I am constantly in my bookcase. It has plenty of reference, but it also hosts memoirs, music, and inspiration for when things get low around here. It started in my kitchen, but has long since taken over the rest of the cabin. The porch, bookcases, and any free level space around here is overflowing with books. I need them. They're mentors and entertainers. There's no TV or cable here, just books and DVDs. I like movies as much as the next gal, but nothing beats a book in the hammock. Nothing.

Like I said, time for farm studies now is limited. But everyday I try to crack a book and read up on something. Maybe it's just an article on hay in The Small Farmers Journal, or maybe it's a chapter on growing Okra in the backyard. But still, I am constantly learning. I have so far to go.

If you're thinking about this life and dreaming about your own small farm—I can not stress enough the importance of starting a farm library. You might feel silly subscribing to Countryside if you live in downtown Detroit, but who cares? All those articles, books, and notes I took in classes or at small farms have become invaluable. And you'll be thrilled you did all that reading about chickens in your apartment when the time comes to put up your own backyard coop. So read up farmers. Read up and never stop. Books are our friends and it's hard to fit a Kindle in your coveralls and not break it.

rabbits for sale

This season's first litter of French Angoras is ready to go to new homes. The four bunnies are about six weeks old, weaned, and happily munching on solid pellets and chugging water. Right now they are small, can be held in one hand, but they'll grow up into handsome wool stock - their parents both weigh about 9 pounds. CAF is a member of the American Rabbit Breeder's Association. You get ARBA pedigrees and the assurance of a quality animal.

I have three bucks and a doe available (which I might keep for breeding). All Cold Antler Bred kits come with champion lined pedigrees, tattooed ears, and some wool blend high quality rabbit food for the road. They make wonderful pets, fiber livestock, or show animals. If you're interested, please email me

Friday, June 5, 2009

finn & flowers

photo by Tim Bronson

Wednesday, June 3, 2009

grab some rosin

Checking in and checking up on all you new fiddlers out there! Did everyone get a hold of the book and a violin? It looked that way in all your comments. I did a quick internet search and saw some folks already posted some videos! I hope those of you brand new to the music wold have found a local music store to help you if needed. Also, those of you still doubting you can play Old Joe Clark by July, well, watch and see. America's squawking today, wonderfully so!

Soon as everyone's ready to go we'll go over the strings and talk a little about starting out as a beginner. Right now you should be reading the intro sections of Wayne's book and getting aquatinted with Old Time music. If you can listen to the CD on your drive to work, it'll help immensely. Start filling your heads with fiddle sounds, new players. Trust me, it'll help down the road to already know what your tunes should sound like.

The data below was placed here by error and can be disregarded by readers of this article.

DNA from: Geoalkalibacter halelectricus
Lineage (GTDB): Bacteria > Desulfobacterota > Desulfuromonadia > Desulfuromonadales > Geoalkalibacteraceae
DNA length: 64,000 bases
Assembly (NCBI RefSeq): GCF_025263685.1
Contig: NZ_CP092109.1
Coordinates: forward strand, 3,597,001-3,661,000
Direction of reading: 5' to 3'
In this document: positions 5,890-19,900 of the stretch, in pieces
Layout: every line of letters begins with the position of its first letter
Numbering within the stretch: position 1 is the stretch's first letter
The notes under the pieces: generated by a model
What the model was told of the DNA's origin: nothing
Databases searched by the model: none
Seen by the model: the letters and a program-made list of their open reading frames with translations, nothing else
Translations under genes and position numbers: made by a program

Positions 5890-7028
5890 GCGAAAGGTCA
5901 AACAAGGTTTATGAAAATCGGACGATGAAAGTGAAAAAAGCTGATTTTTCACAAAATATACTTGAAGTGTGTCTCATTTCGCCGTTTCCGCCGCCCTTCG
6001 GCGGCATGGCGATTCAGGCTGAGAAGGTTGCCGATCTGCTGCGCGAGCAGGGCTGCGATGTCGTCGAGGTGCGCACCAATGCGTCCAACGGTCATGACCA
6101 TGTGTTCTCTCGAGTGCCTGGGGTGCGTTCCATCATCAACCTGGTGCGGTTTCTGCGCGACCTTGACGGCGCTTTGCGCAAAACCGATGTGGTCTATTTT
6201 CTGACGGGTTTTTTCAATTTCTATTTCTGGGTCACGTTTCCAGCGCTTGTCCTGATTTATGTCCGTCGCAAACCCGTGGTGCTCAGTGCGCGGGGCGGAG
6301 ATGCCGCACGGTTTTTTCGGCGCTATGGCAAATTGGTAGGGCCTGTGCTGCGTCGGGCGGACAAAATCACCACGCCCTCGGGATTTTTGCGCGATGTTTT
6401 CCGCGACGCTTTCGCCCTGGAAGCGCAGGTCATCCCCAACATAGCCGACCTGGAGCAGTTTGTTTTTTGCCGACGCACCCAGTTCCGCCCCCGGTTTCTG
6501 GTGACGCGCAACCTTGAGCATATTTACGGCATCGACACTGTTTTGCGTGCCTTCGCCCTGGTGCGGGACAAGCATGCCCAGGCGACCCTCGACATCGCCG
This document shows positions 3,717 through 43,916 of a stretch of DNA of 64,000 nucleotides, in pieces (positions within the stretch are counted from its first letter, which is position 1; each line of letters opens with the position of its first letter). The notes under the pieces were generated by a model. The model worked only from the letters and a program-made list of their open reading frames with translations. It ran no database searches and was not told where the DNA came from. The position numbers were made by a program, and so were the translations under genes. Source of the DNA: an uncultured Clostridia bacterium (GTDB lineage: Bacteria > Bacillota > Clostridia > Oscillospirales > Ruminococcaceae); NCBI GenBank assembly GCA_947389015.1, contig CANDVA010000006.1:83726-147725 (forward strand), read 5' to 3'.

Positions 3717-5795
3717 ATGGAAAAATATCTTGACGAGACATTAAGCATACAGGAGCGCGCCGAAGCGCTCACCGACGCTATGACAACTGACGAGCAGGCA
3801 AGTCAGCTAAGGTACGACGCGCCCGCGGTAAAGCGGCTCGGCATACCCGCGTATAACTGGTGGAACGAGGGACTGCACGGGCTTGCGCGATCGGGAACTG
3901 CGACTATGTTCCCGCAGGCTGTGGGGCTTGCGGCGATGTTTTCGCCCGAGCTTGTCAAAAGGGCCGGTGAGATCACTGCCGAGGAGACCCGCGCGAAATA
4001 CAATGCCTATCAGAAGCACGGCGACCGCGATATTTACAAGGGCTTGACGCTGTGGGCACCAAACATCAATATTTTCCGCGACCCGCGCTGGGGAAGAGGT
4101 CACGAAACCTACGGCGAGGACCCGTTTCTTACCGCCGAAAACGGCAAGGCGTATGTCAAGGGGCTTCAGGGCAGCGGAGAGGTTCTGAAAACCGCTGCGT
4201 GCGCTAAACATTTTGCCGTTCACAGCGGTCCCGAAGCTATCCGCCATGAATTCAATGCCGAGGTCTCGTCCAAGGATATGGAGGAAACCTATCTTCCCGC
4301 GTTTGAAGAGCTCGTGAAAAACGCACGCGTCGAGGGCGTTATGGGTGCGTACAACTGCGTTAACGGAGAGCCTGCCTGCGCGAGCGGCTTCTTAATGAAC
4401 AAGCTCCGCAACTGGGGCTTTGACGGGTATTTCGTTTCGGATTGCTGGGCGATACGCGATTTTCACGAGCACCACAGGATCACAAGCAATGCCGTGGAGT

Sunday, May 31, 2009

collateral damage

The rain fell off and on all day. Generally things were gloomy. However, it seems the only animal on the farm who felt that way was me. The overcast sky and occasional shower seemed to invigorate the livestock. The sheep are jubilant out in the cool wet pasture. No flies in their faces and their new wool coming in seems to keep them weather-proof. They saunter around the wet, windy, field like rock stars while the waterfowl spread their wings into the raindrops. The chickens weren't as thrilled about the precipitation, but psyched for the rain-fresh worms that squirmed along the fenceline of the garden.

I spent the morning weeding and planting my sunflowers, which I grow mainly to brighten up the cabin and office or give as gifts. Those flowers make me happy. Right now the striped seeds are resting in a bed of mulch enriched by my rabbits' and birds' old meals. In a few weeks I'll have those high-summer yellow lions in vases. I can't wait. Sunflowers mean we're that much closer to fall.

Between spurts of weeding and planting—I came inside to bake while the rain made the former too much effort. The cabin smelled of baking bread and homemade pizza when I walked in from chopping firewood or adjusting the goat pen. The work seems endless here (and it is) but it flows through my day as normal as commuting to work does. It's a mean to a common goal.

Not everything is faultless here. I paint a picture of perfection, but only because I ignore the things that make this so hard. I attempt to cheat hardship by ignorance. But know my body is always sore and sometimes I feel like I'm the most tired 26-year-old in America. I have to get up before 5 most mornings, and sometimes I don't come inside for dinner till dark. When I go into the shower at the end of my long day I find I'm covered in bumps, bruises, cuts, scrapes, bites and bad tan lines. I'm currently adorned in scars from roosters, a bite mark from a rabbit, and a pinch-bruise from a pissy bull goose right on my stomach. Cold Antler, as humble as it is, is a full time job. And it shares a life with a person already working a full time job. It's hard. Consider that fair warning to anyone out there living vicariously through me...